Work on complex projects after getting your Six Sigma green belt

Posted by LarryTaggart on October 8th, 2018

KB Gola is the founder of the Six Sigma methodology. While working in Motorola in 1986, Gola came up with a set of tools and techniques for process improvement and the concept of Six Sigma was born. Six Sigma became all the more famous when Jack Welch adopted it in 1995 in GE as part of his business strategy. Get your Six Sigma yellow belt or Six Sigma green belt and you could make it big in your professional life.

Why use Six Sigma?
The objective of Six Sigma is to improve the output quality of a process. This is achieved by identifying the causes of the defects and removing them. In the manufacturing processes, Six Sigma is also used to minimize variations. Statistical and empirical methods are used for Six Sigma quality management and these methods are used by trained experts. Six Sigma is carried out in an organization in the form of projects that follow defined steps in sequence and there are specific targets that are identified for each project. Some of the examples of targets include reduction of process cycle times or costs and increment in customer satisfaction or profits and so on. The number of defects in a Six Sigma process is 3.4 per million opportunities and this is why this methodology is highly coveted.

Green belt
When someone becomes a Six Sigma green belt holder, they work part-time (25%) on projects. For complex projects, such individuals work as team members and for simpler projects, they may work as project leaders. Those that hold green belts are known as the work horses of Six Sigma projects and in mature Six Sigma organizations, most managers fall into this category.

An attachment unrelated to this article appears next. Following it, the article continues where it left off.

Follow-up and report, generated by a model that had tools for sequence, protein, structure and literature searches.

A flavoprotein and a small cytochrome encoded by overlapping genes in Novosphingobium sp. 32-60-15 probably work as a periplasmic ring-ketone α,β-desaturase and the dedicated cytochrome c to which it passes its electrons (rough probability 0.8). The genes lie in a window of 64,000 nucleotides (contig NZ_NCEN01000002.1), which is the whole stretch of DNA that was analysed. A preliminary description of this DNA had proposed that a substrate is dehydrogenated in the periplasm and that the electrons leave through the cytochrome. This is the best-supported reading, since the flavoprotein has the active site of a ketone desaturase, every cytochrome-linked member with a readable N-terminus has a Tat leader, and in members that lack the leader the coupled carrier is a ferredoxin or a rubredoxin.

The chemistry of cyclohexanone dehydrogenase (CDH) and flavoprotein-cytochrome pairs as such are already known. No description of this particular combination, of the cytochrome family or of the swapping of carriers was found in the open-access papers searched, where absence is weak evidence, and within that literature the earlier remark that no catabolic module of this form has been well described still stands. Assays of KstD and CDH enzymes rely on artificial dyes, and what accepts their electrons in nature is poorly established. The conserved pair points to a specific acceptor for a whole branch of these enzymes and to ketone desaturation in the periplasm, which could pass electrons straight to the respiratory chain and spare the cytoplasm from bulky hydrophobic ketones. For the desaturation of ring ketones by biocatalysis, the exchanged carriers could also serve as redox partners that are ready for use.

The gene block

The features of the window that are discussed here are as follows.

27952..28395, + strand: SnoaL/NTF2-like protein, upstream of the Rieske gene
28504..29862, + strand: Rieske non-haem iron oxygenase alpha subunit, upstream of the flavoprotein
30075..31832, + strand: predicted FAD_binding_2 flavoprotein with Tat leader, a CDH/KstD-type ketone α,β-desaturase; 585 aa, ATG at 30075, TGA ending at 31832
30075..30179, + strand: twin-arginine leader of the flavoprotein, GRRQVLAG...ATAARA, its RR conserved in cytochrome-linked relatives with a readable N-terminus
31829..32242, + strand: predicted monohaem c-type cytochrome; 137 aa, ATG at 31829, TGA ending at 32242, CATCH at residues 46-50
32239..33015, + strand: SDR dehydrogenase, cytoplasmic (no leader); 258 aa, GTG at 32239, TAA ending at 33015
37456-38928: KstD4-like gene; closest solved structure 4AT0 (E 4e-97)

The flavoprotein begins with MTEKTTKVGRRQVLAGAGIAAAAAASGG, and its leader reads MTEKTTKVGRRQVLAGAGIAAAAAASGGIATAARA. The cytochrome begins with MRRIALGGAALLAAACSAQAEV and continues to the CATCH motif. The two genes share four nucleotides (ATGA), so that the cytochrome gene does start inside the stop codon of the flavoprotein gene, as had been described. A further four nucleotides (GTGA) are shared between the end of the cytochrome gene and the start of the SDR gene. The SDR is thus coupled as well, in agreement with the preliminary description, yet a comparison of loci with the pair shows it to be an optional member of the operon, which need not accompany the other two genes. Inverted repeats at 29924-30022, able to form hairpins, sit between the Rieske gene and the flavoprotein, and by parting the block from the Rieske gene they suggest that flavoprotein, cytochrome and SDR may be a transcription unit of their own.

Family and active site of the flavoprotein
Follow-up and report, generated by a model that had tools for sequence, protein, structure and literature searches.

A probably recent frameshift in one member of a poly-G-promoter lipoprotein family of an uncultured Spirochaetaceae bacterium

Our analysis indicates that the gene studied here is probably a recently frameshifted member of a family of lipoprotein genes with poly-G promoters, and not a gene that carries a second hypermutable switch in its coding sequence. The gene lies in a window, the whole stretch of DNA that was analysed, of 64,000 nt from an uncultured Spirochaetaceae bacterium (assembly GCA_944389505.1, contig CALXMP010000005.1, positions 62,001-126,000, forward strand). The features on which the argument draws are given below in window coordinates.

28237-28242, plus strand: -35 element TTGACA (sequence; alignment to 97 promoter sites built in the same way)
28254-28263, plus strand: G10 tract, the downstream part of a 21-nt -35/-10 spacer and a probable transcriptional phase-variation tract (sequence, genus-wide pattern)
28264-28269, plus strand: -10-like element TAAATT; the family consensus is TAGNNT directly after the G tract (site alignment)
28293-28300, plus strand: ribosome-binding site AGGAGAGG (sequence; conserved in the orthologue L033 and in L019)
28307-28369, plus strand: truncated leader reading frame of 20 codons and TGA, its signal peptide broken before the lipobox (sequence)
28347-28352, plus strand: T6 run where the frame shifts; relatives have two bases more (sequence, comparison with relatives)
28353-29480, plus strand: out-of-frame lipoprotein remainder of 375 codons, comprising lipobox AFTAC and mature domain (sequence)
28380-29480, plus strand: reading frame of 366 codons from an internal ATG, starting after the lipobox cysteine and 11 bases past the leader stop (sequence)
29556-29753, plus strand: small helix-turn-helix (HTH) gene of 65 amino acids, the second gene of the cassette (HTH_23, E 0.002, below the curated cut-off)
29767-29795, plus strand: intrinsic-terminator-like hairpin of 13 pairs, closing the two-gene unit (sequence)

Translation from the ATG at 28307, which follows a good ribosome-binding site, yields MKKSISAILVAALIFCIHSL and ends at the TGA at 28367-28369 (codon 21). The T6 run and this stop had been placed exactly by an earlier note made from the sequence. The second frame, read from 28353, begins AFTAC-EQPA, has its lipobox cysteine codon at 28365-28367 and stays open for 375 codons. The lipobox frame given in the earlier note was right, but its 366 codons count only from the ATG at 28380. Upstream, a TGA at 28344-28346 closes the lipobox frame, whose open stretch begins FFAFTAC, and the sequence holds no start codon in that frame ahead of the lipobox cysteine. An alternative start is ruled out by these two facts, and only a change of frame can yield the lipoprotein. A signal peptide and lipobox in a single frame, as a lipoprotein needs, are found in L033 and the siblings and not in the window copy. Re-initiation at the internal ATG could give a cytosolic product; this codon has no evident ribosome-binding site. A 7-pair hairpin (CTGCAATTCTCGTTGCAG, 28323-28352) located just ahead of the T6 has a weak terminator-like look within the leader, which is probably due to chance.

When a green belt works on a complicated Six Sigma project, their job is to assist the team leader (a black belt) in ensuring that the team functions optimally and progresses through the stages of project.

For simpler projects, where the green belt is the team leader, given below are some of the roles and responsibilities they have.

• Refining project charters;
• Reviewing project charters with the project champions;
• Selecting project team members, training them and facilitating them through the project phases;
• Communicating with the process owners throughout the lifetime of projects;
• Scheduling meetings and coordinating logistics and
• Analyzing data through the project phases.

Yellow belt
A Six Sigma yellow belt holder is someone who has cleared the green belt certification exam, but is yet to complete a Six Sigma project. The job of an individual here is to provide team support through data gathering, participating in problem solving and providing feedback on the various stages of a project. They can identify, monitor and control various project-related practices and thus, they are invaluable to the project leaders managing complex projects.

Both Six Sigma green and yellow belts need to go through intense training to be certified. They need project experience to add value through their learning. There are specialists that help organizations and individuals go through these training programs and become far more effective.

A Six Sigma green belt participates or leads organizational Six Sigma projects. A Six Sigma yellow belt works on and adds immense value to complex projects.

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